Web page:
The silence has been deafening indeed — and for a while. The cartoon, in fact, is not the first time in recent months that Democratic presidential candidates have turned the other way when confronted with anti-Semitic content in progressive spaces. At the recent Netroots Nation summit — “the largest annual conference of progressives” — panelists suggested that Zionism was equivalent to white supremacy. The summit sold t-shirts grouping Zionism with racism, sexism, homophobia and anti-Semitism “as maladies to be ‘resisted.’” ADL’s Jonathan Greenblatt condemned both, but the four Democratic presidential candidates who spoke at the summit — Elizabeth Warren, Kirsten Gillibrand, Jay Inslee, and Julian Castro — remained mum on the issue.
When it comes to anti-Semitism, the progressive wing of the Democratic Party seems to be the tail that’s wagging the dog, pushing the boundaries of the acceptable further and further. It is meeting only minimal public resistance from the rest of the party. The losers are, undoubtedly, American Jews, whose safety and standing are being gradually eroded. But it’s not only Jews; the party as a whole is losing too. We are now way past the time when it was possible to say that the far right is the sole source of threat to American Jews. There’s been an ongoing string of attacks against Jews in New York City whose perpetrators are not white supremacists. Some attackers seem to have been influenced by the rhetoric of Louis Farrakhan, showing — as if we still needed proof of that! — a direct link between anti-Semitic words and actions. And then there is another uncomfortable fact: appreciation that some anti-Semitic far-right figures heap on far-left “anti-Zionists.” Holocaust denier David Irving famously referred to the UK Labour Party Leader Jeremy Corbyn as “impressive” and “a fine man” in the context of a discussion about the Party’s crisis over anti-Semitism. For the “resistance to ZOG” (Zionist occupied government, a far-right conspiracy theory), white supremacist David Duke called Omar the most important member of US Congress.
What this shows us — as if we still needed proof of that too! — is that anti-Semitism is anti-Semitism, no matter where on the political spectrum it resides. Once it’s out, particularly when expressed by a high-profile political figure, it isn’t confined to some clearly defined space. It resonates across the entire spectrum. And when there is no push back, it loosens taboos against anti-Semitism throughout the entire society. True, thus far the deadly synagogue shootings have been executed by white supremacists. But who is to say that the New York Times cartoon, published right on the eve of the Poway Chabad shooting, didn’t play into the shooter’s mindset? And who is to say that the Latuff cartoon Omar and Tlaib circulated isn’t going to contribute to a future mass shooter’s decision to take action?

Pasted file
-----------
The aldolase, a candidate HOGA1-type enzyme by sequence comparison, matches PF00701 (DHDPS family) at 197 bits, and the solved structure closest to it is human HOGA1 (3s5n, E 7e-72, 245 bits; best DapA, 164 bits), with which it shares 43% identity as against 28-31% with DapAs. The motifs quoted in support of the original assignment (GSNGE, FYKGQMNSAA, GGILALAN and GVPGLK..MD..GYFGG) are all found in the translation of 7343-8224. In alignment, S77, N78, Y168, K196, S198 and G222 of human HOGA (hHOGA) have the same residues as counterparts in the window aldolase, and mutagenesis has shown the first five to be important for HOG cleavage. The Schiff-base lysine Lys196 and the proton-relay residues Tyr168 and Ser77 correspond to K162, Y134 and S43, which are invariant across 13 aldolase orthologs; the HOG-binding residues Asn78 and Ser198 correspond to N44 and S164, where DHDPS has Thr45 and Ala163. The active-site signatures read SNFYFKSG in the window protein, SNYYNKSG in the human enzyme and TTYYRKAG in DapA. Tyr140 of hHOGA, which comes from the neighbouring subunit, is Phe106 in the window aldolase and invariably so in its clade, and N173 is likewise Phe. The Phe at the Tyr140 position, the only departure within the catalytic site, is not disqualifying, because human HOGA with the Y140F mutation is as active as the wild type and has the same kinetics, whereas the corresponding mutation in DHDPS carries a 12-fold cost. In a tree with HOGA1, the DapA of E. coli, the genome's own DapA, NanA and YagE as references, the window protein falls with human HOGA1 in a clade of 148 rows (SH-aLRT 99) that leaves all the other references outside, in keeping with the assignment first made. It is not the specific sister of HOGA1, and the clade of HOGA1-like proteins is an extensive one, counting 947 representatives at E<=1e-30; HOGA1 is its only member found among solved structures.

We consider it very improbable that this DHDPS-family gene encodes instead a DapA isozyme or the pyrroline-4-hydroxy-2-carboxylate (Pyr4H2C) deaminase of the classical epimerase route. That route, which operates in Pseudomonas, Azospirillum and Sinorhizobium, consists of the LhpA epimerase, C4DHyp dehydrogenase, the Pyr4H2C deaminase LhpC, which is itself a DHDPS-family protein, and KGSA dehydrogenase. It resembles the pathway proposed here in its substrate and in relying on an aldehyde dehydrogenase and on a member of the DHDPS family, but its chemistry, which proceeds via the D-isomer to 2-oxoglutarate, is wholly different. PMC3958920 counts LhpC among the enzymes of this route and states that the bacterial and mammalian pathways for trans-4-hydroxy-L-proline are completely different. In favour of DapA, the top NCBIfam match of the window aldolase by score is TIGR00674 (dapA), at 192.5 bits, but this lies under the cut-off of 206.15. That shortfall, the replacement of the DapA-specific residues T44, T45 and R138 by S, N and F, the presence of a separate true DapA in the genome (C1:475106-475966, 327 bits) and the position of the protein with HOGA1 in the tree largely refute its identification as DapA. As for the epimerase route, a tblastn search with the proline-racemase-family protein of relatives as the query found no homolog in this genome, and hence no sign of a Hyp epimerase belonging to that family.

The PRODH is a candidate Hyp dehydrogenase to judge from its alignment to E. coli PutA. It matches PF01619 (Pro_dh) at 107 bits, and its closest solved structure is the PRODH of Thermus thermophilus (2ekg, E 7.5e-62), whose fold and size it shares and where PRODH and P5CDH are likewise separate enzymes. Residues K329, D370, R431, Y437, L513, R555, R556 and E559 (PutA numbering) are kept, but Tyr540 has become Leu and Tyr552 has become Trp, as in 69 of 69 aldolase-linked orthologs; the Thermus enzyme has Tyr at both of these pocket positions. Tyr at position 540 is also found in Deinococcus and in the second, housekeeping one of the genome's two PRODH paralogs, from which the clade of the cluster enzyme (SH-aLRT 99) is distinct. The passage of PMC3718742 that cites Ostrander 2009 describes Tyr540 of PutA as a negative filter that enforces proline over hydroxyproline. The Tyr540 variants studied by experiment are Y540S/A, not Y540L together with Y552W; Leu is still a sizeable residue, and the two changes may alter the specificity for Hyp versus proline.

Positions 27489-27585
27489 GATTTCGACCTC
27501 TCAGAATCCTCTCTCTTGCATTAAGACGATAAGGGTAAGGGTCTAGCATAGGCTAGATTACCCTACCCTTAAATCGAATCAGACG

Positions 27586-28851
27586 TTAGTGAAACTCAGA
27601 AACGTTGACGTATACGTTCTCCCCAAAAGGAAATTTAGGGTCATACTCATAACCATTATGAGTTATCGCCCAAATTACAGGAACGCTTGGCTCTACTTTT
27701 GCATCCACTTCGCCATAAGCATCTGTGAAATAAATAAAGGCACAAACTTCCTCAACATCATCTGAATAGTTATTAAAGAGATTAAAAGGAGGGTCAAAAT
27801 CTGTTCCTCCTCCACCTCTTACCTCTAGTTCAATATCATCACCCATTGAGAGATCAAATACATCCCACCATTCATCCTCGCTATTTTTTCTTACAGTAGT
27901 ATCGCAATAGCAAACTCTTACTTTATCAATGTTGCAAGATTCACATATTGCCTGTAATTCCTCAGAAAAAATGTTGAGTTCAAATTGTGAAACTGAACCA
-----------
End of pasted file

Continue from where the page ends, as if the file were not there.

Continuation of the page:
When it comes to anti-Semitism, it is time for the left to do some serious soul-searching. Pointing to the right as a worse offender is hardly a convincing strategy; surely, the left has better benchmarks than that.
One place to start is to learn the boundary of where the criticism of Israel ends and anti-Semitism begins. (Hint: Israel’s ban against Omar and Tlaib unleashed a storm of criticism from U.S. Jewish institutions and individuals. None of it was anti-Semitic.) Doing nothing will cause the left to lose its moral edge and ensure that it keeps walking right into the trap that Trump seems to be setting up for it, one that cynically paints its most radical wing as representative of the whole party in an attempt to peel American Jews’ support away from it.
I can’t imagine that the Democratic Party would want to hand Trump that victory.